by Lori Roeleveld @LoriSRoeleveld
Older men are to be sober-minded, dignified, self-controlled, sound in faith, in love, and in steadfastness. Older women likewise are to be reverent in behavior, not slanderers or slaves to much wine. They are to teach what is good. Titus 2:2-3 ESV
They won’t listen.
Women of a certain age worry about the generations coming up behind. We know we have a biblically ordained responsibility to teach younger women, but we flounder.
There’s a lot I don’t know about reaching the next generation, but we must start somewhere.
Here are five ways to be older women younger women can hear.
- Live a Great Story – If the only Jesus-story or testimony you share is three decades old, it’s time to update your God-card. If you’re living for Jesus, there should be fresh stories. If there aren’t, check in with a mature believing friend and ask God to refresh your assignment. Genuine, mature faith deepens like wine. Religious practice alone, like old bread, grows stale. Younger women yearn to be part of a great story. Older women living one will earn their attention. Invite them to join you.
- Vision Forward, Not Back –Ecclesiastes 7:10 says, “Say not, ‘Why were the former days better than these?’ For it is not from wisdom that you ask this.” Refuse to walk in the path of Lot’s wife – so busy looking back you risk being left behind. Travel light into tomorrow. Jesus is in this day and where He is is where we need to be, even when times are hard. God designed you and assigned you to be an older woman in these times. If your focus is the eternal adventure stretching before us, your eyes will be full of light. We may not share a similar past with younger generations, but we share today, and we could be friends into eternity, so keep your vision focus forward.
- Know Something About the Culture – Seriously, watch a movie made in the past five years. Check out a television show that’s not on TVLand or MeTV. Read a best-seller. Explore modern happenings. If God called you to the mission field, you’d explore the culture. He’s called you to the next generations. Explore their culture – and not like it’s a smelly fish – like it’s a fascinating puzzle. Invite younger women over to binge watch a show or listen to their favorite musical artists. Trade off watching one of their favorite movies followed by one of yours. Start a book club. Be teachable, accepting, and curious. That’s a combination that is the foundation of role models. Laugh easily. Love generously. Re-invent old age.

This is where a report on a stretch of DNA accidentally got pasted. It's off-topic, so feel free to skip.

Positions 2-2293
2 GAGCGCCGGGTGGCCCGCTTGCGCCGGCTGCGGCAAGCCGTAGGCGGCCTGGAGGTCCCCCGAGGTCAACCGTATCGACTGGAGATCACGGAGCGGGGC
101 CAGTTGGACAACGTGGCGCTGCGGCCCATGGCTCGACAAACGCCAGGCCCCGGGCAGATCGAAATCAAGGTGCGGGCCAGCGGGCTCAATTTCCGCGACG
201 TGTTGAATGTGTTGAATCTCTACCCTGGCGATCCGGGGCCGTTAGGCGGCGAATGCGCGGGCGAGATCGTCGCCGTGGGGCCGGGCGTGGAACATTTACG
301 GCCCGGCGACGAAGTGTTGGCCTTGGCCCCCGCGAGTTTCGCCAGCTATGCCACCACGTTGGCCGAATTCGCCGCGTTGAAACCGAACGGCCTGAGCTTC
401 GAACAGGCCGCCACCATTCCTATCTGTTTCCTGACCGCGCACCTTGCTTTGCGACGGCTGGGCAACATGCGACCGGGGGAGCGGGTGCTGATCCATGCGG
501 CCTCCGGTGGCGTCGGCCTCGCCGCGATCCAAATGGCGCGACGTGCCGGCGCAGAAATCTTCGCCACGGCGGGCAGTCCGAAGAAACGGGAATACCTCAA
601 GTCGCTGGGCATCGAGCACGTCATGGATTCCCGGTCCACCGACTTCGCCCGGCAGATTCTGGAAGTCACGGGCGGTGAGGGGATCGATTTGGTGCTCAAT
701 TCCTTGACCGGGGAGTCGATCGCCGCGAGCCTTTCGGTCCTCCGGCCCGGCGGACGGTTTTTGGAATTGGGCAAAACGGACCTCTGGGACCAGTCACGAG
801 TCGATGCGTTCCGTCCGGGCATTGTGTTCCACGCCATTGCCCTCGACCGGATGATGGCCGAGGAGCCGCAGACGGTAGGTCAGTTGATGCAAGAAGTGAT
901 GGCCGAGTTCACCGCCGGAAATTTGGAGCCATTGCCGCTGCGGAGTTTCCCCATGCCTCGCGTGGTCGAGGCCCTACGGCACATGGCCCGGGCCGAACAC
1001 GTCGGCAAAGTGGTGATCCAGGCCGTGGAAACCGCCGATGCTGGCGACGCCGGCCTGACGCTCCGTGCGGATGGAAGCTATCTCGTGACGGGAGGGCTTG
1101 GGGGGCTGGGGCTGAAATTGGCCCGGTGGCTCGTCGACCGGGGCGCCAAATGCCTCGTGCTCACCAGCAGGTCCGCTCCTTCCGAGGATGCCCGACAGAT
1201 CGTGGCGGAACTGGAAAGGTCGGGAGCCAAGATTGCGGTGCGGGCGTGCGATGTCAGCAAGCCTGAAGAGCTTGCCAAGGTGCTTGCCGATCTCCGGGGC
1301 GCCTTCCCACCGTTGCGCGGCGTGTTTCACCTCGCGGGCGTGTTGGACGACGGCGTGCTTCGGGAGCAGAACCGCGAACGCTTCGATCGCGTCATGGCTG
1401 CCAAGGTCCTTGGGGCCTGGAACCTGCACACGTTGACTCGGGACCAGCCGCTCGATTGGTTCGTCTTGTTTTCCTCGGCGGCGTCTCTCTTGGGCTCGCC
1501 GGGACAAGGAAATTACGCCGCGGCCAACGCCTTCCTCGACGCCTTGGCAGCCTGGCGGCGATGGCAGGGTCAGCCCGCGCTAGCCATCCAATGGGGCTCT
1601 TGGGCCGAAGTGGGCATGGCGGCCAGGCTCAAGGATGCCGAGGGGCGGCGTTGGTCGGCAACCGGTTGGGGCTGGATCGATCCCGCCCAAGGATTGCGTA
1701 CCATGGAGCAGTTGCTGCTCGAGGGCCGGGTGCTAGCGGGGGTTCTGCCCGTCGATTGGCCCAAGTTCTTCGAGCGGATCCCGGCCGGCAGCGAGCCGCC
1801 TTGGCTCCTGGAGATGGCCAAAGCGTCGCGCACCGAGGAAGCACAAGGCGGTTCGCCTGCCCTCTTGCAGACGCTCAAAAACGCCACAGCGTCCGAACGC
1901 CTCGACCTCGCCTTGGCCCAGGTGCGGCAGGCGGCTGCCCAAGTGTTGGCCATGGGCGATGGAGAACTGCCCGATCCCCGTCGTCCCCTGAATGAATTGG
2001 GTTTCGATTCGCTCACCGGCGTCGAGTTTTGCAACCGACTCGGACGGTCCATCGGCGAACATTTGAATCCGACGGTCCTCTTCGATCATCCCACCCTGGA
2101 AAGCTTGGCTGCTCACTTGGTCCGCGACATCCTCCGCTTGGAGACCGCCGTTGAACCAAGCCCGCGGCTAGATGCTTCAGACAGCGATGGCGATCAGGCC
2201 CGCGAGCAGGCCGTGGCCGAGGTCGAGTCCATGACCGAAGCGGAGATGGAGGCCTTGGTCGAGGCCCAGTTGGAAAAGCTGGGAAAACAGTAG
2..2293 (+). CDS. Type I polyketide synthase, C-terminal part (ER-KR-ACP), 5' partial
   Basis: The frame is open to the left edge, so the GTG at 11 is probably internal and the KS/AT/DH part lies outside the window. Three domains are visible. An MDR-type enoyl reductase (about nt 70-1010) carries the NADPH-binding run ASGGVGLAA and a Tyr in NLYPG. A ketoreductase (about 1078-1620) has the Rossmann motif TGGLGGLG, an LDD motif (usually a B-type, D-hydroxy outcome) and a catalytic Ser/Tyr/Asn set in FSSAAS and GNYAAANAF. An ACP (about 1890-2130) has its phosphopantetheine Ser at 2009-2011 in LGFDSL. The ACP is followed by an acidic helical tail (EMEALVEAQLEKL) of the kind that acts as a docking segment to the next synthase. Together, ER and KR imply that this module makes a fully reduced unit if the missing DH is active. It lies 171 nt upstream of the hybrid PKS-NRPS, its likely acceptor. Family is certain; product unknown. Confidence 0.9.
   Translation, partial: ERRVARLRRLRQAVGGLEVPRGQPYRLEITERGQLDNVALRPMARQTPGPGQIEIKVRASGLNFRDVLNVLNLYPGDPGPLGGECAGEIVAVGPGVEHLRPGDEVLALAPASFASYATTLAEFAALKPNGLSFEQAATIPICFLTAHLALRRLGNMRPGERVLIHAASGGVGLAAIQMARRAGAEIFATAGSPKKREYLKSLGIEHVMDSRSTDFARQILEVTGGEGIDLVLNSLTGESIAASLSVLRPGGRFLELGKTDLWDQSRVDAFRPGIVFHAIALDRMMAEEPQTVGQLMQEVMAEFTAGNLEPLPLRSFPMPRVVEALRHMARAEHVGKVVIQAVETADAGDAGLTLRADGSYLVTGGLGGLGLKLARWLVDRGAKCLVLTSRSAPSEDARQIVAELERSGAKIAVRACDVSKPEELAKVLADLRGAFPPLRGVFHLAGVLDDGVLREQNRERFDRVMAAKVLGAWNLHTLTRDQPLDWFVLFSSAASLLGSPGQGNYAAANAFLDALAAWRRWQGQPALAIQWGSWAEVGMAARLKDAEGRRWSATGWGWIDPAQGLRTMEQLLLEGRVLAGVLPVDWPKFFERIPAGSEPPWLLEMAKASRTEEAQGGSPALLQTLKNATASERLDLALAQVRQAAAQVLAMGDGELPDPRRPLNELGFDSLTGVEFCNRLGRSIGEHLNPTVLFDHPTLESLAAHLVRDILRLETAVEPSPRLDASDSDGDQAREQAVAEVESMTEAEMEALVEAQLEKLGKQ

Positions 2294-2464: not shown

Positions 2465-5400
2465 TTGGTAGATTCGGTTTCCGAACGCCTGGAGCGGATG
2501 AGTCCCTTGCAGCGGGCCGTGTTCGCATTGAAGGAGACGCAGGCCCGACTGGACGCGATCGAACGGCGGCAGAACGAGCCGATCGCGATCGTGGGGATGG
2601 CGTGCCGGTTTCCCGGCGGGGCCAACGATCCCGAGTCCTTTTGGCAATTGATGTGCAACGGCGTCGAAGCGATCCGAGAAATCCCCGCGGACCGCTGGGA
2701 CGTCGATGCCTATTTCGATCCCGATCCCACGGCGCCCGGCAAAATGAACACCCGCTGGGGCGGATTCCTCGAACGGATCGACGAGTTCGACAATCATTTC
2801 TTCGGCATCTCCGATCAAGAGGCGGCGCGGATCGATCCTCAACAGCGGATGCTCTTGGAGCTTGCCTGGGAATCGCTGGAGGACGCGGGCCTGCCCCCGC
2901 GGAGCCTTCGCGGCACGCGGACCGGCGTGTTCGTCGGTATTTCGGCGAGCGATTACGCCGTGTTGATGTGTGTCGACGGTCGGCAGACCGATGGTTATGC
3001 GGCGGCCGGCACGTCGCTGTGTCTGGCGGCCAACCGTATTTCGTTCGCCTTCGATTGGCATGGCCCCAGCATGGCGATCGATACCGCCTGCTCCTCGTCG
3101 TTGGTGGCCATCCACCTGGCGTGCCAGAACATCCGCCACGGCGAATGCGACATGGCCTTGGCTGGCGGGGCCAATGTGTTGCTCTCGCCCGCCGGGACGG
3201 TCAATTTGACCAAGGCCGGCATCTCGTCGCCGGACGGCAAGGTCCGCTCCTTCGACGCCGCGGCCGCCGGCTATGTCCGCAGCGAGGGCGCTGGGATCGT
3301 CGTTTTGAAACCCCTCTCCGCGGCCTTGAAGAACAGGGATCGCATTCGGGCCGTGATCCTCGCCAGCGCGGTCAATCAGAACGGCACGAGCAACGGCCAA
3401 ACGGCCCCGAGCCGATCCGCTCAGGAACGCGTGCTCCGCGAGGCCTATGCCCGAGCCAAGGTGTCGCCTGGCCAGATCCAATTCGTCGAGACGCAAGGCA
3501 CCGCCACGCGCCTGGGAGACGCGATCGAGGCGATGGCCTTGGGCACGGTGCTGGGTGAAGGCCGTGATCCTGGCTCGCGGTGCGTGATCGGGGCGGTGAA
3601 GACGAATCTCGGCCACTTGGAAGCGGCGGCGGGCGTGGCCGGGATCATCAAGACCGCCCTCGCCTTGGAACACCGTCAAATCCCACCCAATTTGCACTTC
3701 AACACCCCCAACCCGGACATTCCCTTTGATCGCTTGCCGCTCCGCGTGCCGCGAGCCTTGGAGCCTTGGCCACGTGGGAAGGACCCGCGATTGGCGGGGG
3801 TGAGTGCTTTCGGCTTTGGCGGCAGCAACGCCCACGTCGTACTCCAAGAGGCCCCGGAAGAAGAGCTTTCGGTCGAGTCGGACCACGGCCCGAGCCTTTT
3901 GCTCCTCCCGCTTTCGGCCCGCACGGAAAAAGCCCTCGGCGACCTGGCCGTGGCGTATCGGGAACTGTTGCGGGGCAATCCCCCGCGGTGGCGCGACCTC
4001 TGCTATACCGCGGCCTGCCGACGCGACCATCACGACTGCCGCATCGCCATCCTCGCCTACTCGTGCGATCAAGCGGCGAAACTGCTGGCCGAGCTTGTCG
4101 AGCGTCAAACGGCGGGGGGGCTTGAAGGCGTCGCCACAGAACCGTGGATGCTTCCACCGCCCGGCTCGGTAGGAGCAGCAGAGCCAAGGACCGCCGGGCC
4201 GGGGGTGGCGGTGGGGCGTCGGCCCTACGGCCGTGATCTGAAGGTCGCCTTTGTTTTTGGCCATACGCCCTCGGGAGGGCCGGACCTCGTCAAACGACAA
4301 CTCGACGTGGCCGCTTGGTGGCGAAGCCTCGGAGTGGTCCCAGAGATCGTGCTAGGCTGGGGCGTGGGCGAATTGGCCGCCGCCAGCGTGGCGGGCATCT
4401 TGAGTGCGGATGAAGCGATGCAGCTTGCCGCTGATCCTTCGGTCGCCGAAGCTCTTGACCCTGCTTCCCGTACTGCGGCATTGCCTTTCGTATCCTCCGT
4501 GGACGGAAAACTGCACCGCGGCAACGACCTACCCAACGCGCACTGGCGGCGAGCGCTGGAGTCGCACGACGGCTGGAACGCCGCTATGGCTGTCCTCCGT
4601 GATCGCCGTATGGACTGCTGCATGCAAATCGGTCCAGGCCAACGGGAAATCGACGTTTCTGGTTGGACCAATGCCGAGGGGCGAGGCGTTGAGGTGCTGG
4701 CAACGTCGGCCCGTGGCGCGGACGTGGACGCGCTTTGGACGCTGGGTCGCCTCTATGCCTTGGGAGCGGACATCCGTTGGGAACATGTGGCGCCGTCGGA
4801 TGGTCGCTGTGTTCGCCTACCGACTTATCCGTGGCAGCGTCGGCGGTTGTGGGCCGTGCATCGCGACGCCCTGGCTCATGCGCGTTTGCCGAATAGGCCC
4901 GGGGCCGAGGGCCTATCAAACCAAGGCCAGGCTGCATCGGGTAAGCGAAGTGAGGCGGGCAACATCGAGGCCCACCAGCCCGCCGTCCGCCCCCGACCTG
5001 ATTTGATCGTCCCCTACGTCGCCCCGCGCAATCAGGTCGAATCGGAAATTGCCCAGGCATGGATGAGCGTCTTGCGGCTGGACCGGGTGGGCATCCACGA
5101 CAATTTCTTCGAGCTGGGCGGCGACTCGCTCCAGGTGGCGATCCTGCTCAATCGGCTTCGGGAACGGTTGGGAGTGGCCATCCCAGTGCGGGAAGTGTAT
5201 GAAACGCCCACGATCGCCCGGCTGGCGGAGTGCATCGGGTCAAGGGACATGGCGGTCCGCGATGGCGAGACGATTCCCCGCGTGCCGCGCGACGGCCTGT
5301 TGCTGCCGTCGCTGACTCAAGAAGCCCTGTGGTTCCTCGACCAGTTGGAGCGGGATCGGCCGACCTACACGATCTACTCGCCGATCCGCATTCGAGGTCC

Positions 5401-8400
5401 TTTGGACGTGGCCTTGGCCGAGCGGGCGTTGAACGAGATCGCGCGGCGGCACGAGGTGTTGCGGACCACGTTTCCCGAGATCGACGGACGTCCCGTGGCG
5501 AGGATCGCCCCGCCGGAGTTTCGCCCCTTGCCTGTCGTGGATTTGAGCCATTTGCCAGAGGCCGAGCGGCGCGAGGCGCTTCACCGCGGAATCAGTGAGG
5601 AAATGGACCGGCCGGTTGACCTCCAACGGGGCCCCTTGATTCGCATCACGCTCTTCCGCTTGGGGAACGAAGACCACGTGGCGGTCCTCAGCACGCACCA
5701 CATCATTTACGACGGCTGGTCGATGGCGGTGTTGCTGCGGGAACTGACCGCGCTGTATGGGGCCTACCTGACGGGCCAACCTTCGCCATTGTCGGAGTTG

- Be Vulnerable, Available, and Present – No matter how old we get, we’re sinners saved by grace alone. As we mature, we begin to get some things right, but we still fail. We don’t know everything. Forget the fake. Park your pretense. Let your vulnerability surface. Be emotionally available and wholly present. Listen. Ask questions. Younger women don’t want someone who’s perfect, they want someone who’s present.
- Finally, keep growing up. We may be seniors, but in the light of eternity, we’ve only just begun. In 2 Peter 1:1-10, Peter lists eight qualities (faith, virtue, knowledge, self-control, steadfastness, godliness, brotherly affection, and love) that if we have them in increasing measure, they will keep us from being ineffective and unfruitful in our knowledge of Jesus. Make every effort to grow in these qualities and we’ll be effective and fruitful with the generations on the rise. We lose a lot as we age. Here are some things to intentionally lose for the sake of building the kingdom in younger women – fear, a critical spirit, inflexibility, arrogance, hypocrisy, and pretense.
No matter our age, we each contribute to the culture of women in the kingdom of Christ. What does it look where you stand for Him?
About the author: Lori Stanley Roeleveld is an author, speaker, and disturber of hobbits who enjoys making comfortable Christians late for dinner. She’s authored four encouraging, unsettling books. Her latest release is The Art of Hard Conversations: Biblical Tools for the Tough Talks that Matter. She speaks her mind at www.loriroeleveld.com.
Join the conversation: Were you ever mentored in your younger years? What meant the most to you from that time together?